MILAN -- Following shareholder approval of the proposed merger of Fiat and Chrysler, Sergio Marchionne, who heads both companies, now faces an uncertain few months as he waits to find out if he has to postpone the tie-up because too many shareholders want to be bought out.
Marchionne plans to incorporate the two carmakers into Dutch-registered entity Fiat Chrysler Automobiles, paving the way for a U.S. listing key to help fund his ambitious business plan to boost annual global vehicle sales to 7 million by 2018 from 4.4 million last year, creating the world's seventh-largest auto group.
Fiat won the two-thirds majority it needed to go ahead with the merger at an extraordinary shareholders meeting on Aug. 1. But Marchionne has said he will postpone completing the tie-up if Fiat has to spend more than the 500 million euros ($669 million) set aside to buy out shareholders who are not interested in being a part of FCA.
The buyout price for shareholders is 7.727 euros per share. A share drop below that amount makes it attractive for these investors to accept Fiat's cash offer. "The more the stock drops, the more it increases expectations of more people selling out, which in turn increases the number of people selling," a Milan-based trader said. Concerns over the merger's completion triggered a selloff that on Aug. 6 saw Fiat's stock hit its lowest level since the company announced on Jan. 1 that it would buy out Chrysler.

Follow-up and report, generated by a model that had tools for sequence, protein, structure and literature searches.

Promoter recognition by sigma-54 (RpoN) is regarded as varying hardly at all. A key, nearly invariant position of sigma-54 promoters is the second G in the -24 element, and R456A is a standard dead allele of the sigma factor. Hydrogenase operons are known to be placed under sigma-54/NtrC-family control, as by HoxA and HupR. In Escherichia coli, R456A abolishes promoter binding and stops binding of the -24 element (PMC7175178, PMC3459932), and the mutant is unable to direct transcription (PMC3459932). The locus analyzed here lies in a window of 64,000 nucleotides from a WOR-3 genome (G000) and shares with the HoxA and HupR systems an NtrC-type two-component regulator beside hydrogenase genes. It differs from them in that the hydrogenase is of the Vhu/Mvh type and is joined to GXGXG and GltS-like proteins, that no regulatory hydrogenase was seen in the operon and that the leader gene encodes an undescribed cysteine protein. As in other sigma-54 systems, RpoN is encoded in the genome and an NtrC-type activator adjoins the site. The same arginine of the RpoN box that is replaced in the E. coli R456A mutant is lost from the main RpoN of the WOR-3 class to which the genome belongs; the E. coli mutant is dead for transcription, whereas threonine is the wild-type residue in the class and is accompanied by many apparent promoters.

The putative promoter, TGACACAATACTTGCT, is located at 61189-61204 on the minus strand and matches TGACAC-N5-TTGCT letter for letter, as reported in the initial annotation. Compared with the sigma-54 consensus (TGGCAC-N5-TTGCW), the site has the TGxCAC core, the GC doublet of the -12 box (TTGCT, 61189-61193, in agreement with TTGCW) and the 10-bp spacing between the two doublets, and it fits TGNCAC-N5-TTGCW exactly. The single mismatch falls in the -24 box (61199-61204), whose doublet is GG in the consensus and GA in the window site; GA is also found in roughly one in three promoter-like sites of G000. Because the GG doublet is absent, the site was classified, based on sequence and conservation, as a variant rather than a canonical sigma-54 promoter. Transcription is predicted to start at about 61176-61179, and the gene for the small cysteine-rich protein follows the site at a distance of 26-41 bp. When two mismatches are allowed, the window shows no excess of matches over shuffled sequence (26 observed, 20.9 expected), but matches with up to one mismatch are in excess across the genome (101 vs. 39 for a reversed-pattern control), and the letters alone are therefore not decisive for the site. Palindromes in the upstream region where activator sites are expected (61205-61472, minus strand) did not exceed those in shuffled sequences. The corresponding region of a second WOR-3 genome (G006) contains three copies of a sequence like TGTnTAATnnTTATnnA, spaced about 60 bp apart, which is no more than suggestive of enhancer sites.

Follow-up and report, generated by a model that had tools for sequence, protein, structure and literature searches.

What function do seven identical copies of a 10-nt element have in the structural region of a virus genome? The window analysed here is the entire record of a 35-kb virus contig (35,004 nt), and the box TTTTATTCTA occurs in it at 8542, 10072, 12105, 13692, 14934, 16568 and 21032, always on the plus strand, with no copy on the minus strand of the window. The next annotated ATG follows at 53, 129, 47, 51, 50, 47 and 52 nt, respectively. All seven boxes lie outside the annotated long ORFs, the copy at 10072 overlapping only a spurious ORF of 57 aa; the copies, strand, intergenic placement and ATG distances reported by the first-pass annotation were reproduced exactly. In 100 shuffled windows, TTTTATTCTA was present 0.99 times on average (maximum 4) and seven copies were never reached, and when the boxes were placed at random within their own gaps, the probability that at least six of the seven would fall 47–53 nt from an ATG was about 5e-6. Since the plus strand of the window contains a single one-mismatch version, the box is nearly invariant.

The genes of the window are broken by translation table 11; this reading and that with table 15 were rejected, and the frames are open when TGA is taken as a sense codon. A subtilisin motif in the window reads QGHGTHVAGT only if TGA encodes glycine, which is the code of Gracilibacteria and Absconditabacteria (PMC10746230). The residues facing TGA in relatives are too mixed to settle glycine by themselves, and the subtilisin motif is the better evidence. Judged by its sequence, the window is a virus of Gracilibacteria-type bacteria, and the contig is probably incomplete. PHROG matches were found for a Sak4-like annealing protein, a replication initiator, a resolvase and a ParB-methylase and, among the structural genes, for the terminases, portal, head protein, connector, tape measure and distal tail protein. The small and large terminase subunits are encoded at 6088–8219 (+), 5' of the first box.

The cash exit right is a right granted to investors under Italian law. Shareholders who did not attend the Aug. 1 meeting are also eligible for a cash exit, boosting the chances of the 500 million euro cap being reached. "The completion looks as if it will be very close given 15 percent of shareholders did not vote in favor,” said ISI Group analyst Arndt Ellinghorst in a report. "We estimate it will only take 5.18 percent of shareholders to exercise their cash exit rights to scupper the transaction."
Marchionne says the selloff might only delay completion of the merger, not prevent it. "Don’t confuse the [timing] problem with the strategy," he said "It’s a detail."
Fiat already owns 100 percent of Chrysler and Marchionne has said the worst that could happen would be a delay in investments set out in the business plan for Fiat Chrysler that he unveiled last May.
Marchionne blamed overblown press reports and a "lack of understanding" of the merger for the share selloff. "I am absolutely unfazed by all of this," Marchionne said, adding that if the creation of FCA failed at this time, he would wait "until we have better conditions to get this done."
Many analysts share Marchionne's positive view. Ian Fletcher of IHS Automotive said: "Even if it goes above the 500 million euros level, I don’t see it being the end of things. The deal has come too far for that and I don’t doubt they would look at other options to get past that hurdle as they have done in the past."